Poetry/ Not Poetry & The Turn
But questions surrounding Poetry/Not Poetry ARE often very interesting to me, as when Archambeau was writing about Romanticism recently, which I linked to here.
Now, he’s still think about Poetry/Not Poetry, and linking to some interesting things from Michael Theune (who I’m looking forward to meeting in about a month, so I’m doubly interested):
And who is the partisan of the volta, you wonder? Well, if I had to limit myself to a 150 mile radius of my study, I'd say the most powerful partisan of the volta would have to be Mike Theune. From his secret rebel outpost in Bloomington, Illinois Mike argues persuasively for the centrality of the volta to poetry. He's written a good book on the topic, and he totally schooled me on turns in Jorie Graham's poetry a while back.
Now he's picked up on my old Poetry/Not Poetry post and offered his own riffs on the meaning of the volta to poetry.
So I followed Archambeau's links to Thuene’s site and looked around, finding several wonderful things to fill my morning, especially the list of quotes here, which includes, among many others, these very nice bits:
In a poem, one is always given, I would argue, a sense of place that matters–a place on suffered the loss of, a place one longs for–a stage upon which the urgent act of mind of this particular lyric occasion (be it memory, description, meditation, fractured recollection of self, or even further disintegration of self under the pressure of history, for example) “takes place.”
…A break…can constitute trigger occasions, or situations, or kinds of place from which the spirit in language springs forward into the action of poetry.
The capacity to “express” the ineffable, the inexpressible, the emissary of the nonverbal territories of intuition, deep paradox, conflicting bodily impulses, as well as profoundly present yet nonlanguaged spiritual insights, even certain emotional crisis states–these are the wondrous haul that the nets of “deep image,” “collective emotive image,” haiku image-clusters, musical effects of all kinds (truths only introduced via metrical variation, for example), and the many hinge actions in poetry (turns, leaps, associations, lacunae) bring onto the shore of the made for us. The astonishments of poetry, for me, reside most vividly in its capacity to make a reader receive utterable and unutterable realities at once.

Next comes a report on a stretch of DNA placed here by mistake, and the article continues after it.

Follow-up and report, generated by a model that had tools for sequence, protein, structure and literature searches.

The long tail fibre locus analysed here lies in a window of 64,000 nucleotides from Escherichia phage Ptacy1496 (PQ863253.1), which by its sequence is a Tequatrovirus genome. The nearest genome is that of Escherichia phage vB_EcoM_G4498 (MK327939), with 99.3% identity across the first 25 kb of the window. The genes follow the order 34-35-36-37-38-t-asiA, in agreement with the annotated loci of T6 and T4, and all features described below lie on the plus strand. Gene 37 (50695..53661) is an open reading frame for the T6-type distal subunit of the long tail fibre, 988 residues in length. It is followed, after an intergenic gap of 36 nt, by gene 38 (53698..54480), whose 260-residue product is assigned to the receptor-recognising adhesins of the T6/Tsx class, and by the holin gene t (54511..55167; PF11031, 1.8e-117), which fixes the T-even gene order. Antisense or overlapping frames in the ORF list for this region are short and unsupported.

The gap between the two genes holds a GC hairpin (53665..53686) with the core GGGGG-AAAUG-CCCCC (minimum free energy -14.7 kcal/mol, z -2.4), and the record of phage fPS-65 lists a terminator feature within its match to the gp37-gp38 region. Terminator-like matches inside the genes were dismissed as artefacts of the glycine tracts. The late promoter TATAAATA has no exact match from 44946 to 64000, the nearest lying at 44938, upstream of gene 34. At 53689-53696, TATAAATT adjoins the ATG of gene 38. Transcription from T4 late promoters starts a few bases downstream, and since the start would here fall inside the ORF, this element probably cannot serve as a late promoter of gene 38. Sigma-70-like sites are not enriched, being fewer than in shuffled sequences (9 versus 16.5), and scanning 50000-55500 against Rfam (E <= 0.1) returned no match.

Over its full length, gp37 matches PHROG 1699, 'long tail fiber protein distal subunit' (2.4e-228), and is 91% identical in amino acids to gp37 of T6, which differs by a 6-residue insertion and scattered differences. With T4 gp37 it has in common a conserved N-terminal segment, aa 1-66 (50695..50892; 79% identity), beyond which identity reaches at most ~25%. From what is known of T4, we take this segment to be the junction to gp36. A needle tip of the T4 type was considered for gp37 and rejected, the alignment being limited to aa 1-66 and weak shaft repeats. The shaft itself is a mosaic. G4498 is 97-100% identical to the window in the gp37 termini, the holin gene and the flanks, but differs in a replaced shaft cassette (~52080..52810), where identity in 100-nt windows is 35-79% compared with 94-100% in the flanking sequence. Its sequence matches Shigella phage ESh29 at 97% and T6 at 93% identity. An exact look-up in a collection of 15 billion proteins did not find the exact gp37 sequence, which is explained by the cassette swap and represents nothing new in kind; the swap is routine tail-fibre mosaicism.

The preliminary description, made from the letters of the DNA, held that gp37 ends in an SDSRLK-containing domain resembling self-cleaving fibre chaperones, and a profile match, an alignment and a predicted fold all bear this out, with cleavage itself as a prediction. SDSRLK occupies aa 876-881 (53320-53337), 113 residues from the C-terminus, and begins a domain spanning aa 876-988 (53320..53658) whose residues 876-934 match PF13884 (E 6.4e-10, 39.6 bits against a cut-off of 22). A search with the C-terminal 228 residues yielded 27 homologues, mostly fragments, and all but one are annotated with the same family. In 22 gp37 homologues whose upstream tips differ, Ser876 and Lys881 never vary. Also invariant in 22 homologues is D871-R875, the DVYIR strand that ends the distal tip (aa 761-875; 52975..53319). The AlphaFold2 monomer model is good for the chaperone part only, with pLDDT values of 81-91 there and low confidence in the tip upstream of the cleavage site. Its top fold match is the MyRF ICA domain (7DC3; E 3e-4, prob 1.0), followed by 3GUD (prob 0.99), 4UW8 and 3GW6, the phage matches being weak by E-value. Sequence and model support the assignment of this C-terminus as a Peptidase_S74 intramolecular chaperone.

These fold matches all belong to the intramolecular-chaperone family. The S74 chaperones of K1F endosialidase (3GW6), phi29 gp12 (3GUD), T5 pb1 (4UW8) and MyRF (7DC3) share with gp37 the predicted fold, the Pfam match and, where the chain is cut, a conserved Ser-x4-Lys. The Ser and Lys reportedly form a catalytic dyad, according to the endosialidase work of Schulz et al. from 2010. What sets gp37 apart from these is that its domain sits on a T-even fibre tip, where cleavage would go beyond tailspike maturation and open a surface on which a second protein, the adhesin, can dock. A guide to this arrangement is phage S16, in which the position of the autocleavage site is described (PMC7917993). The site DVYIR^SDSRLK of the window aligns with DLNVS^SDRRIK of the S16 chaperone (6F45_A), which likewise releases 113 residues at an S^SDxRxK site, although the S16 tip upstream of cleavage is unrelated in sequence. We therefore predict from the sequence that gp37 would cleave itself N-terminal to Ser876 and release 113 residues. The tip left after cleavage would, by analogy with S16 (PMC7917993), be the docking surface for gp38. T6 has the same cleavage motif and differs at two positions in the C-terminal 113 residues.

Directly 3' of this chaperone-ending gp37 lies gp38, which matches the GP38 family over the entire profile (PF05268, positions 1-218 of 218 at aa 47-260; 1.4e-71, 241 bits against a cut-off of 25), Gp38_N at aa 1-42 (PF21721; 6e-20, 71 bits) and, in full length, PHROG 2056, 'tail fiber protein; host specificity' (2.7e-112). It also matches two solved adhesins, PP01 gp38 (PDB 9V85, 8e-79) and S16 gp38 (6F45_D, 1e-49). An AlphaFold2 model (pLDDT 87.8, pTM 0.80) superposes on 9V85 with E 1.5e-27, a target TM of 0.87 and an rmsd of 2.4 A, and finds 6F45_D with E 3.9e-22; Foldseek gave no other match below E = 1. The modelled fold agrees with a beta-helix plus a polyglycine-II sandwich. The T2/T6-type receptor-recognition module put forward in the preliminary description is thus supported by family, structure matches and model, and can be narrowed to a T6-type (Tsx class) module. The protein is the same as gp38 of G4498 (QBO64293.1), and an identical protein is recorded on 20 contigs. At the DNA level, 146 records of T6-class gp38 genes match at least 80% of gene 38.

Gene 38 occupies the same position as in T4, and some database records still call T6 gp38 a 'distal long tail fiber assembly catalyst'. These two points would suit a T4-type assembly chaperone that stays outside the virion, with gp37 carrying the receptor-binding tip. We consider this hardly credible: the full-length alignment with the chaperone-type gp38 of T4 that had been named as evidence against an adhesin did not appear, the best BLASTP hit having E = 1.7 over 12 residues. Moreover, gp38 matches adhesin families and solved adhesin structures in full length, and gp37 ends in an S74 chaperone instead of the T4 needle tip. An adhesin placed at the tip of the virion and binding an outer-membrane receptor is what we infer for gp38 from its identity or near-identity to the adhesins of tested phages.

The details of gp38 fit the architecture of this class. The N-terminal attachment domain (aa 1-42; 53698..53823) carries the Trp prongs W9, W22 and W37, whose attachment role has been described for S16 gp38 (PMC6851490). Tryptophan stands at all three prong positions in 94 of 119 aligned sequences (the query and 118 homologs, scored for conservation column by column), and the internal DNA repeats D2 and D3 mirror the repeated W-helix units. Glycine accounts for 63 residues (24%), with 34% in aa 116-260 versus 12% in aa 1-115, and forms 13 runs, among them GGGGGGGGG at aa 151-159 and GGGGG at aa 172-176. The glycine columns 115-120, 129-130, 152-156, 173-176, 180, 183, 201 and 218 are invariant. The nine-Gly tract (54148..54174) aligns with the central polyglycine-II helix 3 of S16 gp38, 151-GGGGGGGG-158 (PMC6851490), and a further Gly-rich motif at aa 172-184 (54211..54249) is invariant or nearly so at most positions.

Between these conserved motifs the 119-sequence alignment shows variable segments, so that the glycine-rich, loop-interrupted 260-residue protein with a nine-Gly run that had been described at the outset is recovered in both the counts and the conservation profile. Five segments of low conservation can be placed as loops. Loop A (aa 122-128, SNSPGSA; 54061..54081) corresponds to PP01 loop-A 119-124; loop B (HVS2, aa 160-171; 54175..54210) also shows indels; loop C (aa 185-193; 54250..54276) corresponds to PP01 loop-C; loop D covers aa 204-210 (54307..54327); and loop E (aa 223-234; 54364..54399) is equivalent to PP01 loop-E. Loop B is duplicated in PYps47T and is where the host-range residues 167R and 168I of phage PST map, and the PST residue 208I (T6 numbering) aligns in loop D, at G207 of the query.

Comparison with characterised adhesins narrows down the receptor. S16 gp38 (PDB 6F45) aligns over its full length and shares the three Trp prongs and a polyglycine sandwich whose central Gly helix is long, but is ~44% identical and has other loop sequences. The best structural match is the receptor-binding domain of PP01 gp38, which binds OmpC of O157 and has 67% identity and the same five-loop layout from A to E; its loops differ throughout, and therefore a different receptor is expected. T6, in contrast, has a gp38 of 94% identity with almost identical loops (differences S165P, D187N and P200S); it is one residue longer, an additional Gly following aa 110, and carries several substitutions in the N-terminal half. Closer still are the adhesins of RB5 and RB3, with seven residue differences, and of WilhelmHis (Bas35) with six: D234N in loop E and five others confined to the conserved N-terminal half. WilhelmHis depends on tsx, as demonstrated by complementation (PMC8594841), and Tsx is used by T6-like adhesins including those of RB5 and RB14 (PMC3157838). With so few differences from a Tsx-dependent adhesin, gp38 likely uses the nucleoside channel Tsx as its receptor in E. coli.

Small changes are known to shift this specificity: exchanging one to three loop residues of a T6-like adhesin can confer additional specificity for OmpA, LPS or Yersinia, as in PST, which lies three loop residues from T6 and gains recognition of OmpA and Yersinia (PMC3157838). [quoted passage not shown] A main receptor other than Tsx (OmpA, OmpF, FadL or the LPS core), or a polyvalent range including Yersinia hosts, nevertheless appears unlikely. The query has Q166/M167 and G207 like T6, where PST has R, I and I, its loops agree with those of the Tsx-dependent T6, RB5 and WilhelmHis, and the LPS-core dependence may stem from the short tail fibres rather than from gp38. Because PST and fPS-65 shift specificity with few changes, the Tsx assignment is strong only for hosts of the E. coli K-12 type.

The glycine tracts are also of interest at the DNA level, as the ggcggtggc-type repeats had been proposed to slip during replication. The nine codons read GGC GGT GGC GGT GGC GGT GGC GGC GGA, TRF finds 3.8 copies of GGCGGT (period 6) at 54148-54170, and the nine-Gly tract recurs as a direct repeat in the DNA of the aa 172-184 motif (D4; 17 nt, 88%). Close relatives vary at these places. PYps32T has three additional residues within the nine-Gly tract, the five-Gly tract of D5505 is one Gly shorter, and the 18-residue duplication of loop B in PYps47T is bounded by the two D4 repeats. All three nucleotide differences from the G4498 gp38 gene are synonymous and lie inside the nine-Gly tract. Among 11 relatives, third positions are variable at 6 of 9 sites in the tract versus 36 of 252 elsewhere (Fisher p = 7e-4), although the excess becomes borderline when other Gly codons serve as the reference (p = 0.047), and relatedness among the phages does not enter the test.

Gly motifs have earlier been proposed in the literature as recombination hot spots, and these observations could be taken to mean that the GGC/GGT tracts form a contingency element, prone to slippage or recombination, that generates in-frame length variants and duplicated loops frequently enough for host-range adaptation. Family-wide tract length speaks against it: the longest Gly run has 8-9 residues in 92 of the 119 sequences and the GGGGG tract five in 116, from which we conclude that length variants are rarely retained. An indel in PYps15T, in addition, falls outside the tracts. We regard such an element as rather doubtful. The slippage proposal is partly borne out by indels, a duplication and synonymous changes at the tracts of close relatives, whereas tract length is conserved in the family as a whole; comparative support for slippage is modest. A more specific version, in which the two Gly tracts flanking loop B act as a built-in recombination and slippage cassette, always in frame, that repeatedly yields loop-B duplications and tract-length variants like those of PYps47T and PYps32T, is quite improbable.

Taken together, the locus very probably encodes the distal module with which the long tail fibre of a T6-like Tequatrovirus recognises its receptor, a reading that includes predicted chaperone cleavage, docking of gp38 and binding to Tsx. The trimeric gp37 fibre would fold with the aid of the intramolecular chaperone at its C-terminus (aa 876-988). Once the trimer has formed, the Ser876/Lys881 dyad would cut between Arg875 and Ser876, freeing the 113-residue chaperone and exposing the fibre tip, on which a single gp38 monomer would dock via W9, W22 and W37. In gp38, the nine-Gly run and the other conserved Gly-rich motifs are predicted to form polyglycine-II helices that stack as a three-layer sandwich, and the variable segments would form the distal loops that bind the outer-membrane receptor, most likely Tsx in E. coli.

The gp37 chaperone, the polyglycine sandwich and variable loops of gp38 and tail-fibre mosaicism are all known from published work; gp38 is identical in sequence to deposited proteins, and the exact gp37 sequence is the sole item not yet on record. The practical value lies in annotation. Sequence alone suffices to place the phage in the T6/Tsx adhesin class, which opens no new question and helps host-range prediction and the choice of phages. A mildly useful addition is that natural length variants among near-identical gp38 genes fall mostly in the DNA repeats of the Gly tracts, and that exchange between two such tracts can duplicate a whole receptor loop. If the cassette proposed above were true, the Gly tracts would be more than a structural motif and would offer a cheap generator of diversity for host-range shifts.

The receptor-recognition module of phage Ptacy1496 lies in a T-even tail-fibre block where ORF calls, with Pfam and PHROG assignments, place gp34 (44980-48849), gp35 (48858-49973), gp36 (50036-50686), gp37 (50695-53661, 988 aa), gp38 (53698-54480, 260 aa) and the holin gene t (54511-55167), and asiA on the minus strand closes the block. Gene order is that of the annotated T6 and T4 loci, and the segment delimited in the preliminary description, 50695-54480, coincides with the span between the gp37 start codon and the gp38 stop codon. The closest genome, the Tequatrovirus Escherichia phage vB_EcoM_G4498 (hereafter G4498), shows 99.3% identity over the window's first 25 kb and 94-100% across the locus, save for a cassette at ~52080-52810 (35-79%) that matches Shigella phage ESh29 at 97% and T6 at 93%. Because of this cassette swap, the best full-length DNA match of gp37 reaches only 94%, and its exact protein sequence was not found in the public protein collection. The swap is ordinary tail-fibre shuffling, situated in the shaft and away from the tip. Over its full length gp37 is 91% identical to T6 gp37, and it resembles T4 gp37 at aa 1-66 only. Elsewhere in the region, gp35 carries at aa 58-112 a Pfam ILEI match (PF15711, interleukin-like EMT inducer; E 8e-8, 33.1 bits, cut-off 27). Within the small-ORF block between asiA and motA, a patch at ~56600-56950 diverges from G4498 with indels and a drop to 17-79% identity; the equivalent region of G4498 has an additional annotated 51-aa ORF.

–Jorie Graham, “At the Border,” in American Women Poets in the 21st Century: Where Lyric Meets Language, edited by Claudia Rankine and Juliana Spahr (Middletown, CT: Wesleyan UP, 2002): 146-48.
Is there a describable lyricism of swerving? For those poems for which the swerve, the turn, the sudden change in direction are integral, can we begin to articulate a precise appreciation? Is there a describable and individualistic lyricism of swerving?
Nice things from Archambeau and Thuene, et al. And now to close up this bit on turning and swerving and structure, here’s something from Martha Ronk that I like (I've posted it here before). It’s from her introduction to her work from Lyric Postmodernisms, edited by Reginald Shepherd, that I hightly recommend:
In his book In Quest of the Ordinary, Stanley Cavell states, “The everyday is what we cannot but aspire to, since it appears to us as lost to us.” I have tried to create poems that read in a seemingly temperate and straight-forward manner, but that unsettle the reader by intense, shifting, or confused focus, by a swerve toward the unexpected even if highly recognizable. The “quotidian” seems somehow a possible counter to skepticism, a check on self-involvement and a refusal to admit that there is anything other to confront than oneself. Such poetry has the potential to map and blur the ground between self and world, past and present, local and abstract. It can reach for the uncanny, can approximate something both ordinary and utterly odd, in an alternation and oscillation that maintains both. This luminal space may appear, for example, in the area between two images such that the eye/mind moving from one distinct image to another finds itself in a transitional space that undoes, unhinges, opens, slips. I am perforce drawn to the visual. In Lee Friedlander’s book, Black/White/Objects, there are two juxtaposed photographs, one of a man of wood (a crucifix) and one of a man of air (a balloon manikin in a Macy’s parade). As one’s eyes cross back and forth from the image on the left to the image on the right, one’s mind flutters, not only seeing the two as one, not only overlapping them, but also not being able to do this. The operation fails and in this splendid moment of failure, tied by slender thread to success and the released spark of juxtaposition, I would hope to locate my work. . . . .
The restless question, “why,” stands for me at the center of poetics: questioning why things are as they are, why standardized versions dominate: insisting, suspending, moving into fluidity and failure. . . . .
My work exists in the interrogative mood, whether or not a question mark appears at the end of a line.